A $5 billion (3 billion pounds) listing plan by the operator of China's new Beijing-Shanghai bullet train, initially targeted for next year, will be further delayed following last month's deadly train crash, sources said on Wednesday.
The delay is the latest blow to the nation's scandal-plagued rail system after China CNR Corp Ltd announced last week it would recall 54 bullet trains used on the showcase Beijing-Shanghai line. Services would be cut by 25 percent, reports Reuters.
State-controlled Beijing-Shanghai High-Speed Railway had hoped for an initial public offering (IPO) in Hong Kong and Shanghai as early as in 2012, but any listing is now unlikely in the immediate future, IFR, a Thomson Reuters publication, said citing bankers.
The July 23 accident, in which 40 people were killed, had further complicated the prospects of receiving regulatory approvals as well as a planned restructuring ahead of the IPO, a source with direct knowledge of the issue told Reuters.
"China is not in a hurry to float something, especially after this tragedy," said the source. "You have to take time to make sure all the things are aligned before going ahead with a project like this."
The crash accident between two bullet trains in Wenzhou triggered public fury, unusually bold media coverage and a freeze on approvals for new railway projects.
Until recently, China's high-speed rail presented by senior government officials as a nation's technological success. Now it has become a political albatross, drawing scorn from many citizens long frustrated with the hulking railways ministry.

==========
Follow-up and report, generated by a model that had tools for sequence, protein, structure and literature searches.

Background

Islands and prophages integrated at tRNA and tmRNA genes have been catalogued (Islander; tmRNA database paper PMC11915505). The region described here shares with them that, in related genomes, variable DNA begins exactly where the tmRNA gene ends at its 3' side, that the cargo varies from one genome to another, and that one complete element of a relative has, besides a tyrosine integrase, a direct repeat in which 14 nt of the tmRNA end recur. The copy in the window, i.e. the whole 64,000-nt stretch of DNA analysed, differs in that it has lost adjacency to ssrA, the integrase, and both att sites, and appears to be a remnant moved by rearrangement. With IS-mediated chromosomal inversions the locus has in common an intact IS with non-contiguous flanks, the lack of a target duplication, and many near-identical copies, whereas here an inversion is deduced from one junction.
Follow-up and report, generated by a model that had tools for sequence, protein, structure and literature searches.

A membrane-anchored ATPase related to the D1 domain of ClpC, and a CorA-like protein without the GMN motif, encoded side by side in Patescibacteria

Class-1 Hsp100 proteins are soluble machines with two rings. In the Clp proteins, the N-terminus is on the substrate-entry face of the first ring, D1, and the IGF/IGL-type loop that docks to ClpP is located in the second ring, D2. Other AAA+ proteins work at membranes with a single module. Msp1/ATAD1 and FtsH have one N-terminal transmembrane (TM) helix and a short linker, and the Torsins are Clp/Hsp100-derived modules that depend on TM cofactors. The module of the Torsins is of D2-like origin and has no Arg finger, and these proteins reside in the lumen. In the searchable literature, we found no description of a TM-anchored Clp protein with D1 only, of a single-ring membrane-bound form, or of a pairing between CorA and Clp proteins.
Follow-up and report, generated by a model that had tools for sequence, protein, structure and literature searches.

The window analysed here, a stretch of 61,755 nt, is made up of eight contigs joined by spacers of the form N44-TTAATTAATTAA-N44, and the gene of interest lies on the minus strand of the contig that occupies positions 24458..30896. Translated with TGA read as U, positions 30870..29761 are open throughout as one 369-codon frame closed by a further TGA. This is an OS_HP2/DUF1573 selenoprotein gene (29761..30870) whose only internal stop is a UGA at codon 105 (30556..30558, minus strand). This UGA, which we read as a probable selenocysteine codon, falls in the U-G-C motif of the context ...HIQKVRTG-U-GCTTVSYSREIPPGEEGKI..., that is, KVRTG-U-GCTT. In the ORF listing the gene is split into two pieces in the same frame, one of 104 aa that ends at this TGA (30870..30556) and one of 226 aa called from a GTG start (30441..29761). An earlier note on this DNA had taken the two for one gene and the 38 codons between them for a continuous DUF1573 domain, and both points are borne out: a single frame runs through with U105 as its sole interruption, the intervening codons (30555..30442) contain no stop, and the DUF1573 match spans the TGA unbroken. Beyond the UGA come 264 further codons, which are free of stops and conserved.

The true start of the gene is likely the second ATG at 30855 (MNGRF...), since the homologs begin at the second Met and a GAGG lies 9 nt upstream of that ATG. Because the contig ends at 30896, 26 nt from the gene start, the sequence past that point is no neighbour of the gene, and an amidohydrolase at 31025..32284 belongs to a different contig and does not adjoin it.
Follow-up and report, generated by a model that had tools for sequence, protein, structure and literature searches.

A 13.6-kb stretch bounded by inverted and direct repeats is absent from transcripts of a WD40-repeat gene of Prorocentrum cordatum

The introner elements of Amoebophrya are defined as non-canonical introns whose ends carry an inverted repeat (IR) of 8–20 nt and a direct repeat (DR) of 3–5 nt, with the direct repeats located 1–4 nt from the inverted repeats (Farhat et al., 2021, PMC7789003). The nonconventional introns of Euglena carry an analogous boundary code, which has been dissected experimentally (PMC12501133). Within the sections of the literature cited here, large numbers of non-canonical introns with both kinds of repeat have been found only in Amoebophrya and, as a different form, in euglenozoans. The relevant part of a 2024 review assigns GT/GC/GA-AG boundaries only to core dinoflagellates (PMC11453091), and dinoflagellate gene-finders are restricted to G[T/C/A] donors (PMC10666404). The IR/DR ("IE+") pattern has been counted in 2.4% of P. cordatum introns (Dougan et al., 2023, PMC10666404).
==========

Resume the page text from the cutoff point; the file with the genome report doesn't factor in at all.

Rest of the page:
China has been working for years to develop a high-speed rail network to rival Japan's famed bullet trains, and last year investment on the sector hit a record high of 749.5 billion yuan (71.6 billion pounds).
Japanese bullet trains have not had any accidents involving injuries or deaths since they started running in 1964.
Even before last month's crash and resulting furore, China's railways sector was under a cloud. The railways minister, Liu Zhijun, a key figure behind the boom in the sector, was dismissed in February over corruption charges that have not yet been tried in court.
Premier Wen Jiabao said earlier this month China would suspend new railway project approvals and launch safety checks on existing equipment. The accident has caused a ripple effect on the broader industry.
China Railway Group, the country's largest railroad builder, said earlier this month it had dropped a plan to raise about 6.2 billion yuan via a share placement due to uncertainty over regulatory approval.
China South Locomotive and Rolling Stock Corp Ltd (CSR) was forced to delay a shareholder vote on its $1.7 billion fundraising plan, partly due to the Wenzhou crash.
"The development of the railway industry may slow in the immediate term due to safety concerns after the crash," said Zhao Xiaochuang, analyst at Century Securities in Shenzhen.
"Over the longer term, we are still positive about the industry because it's clear that the demand is there and the railway system is essential to the country's long-term infrastructure development," he said.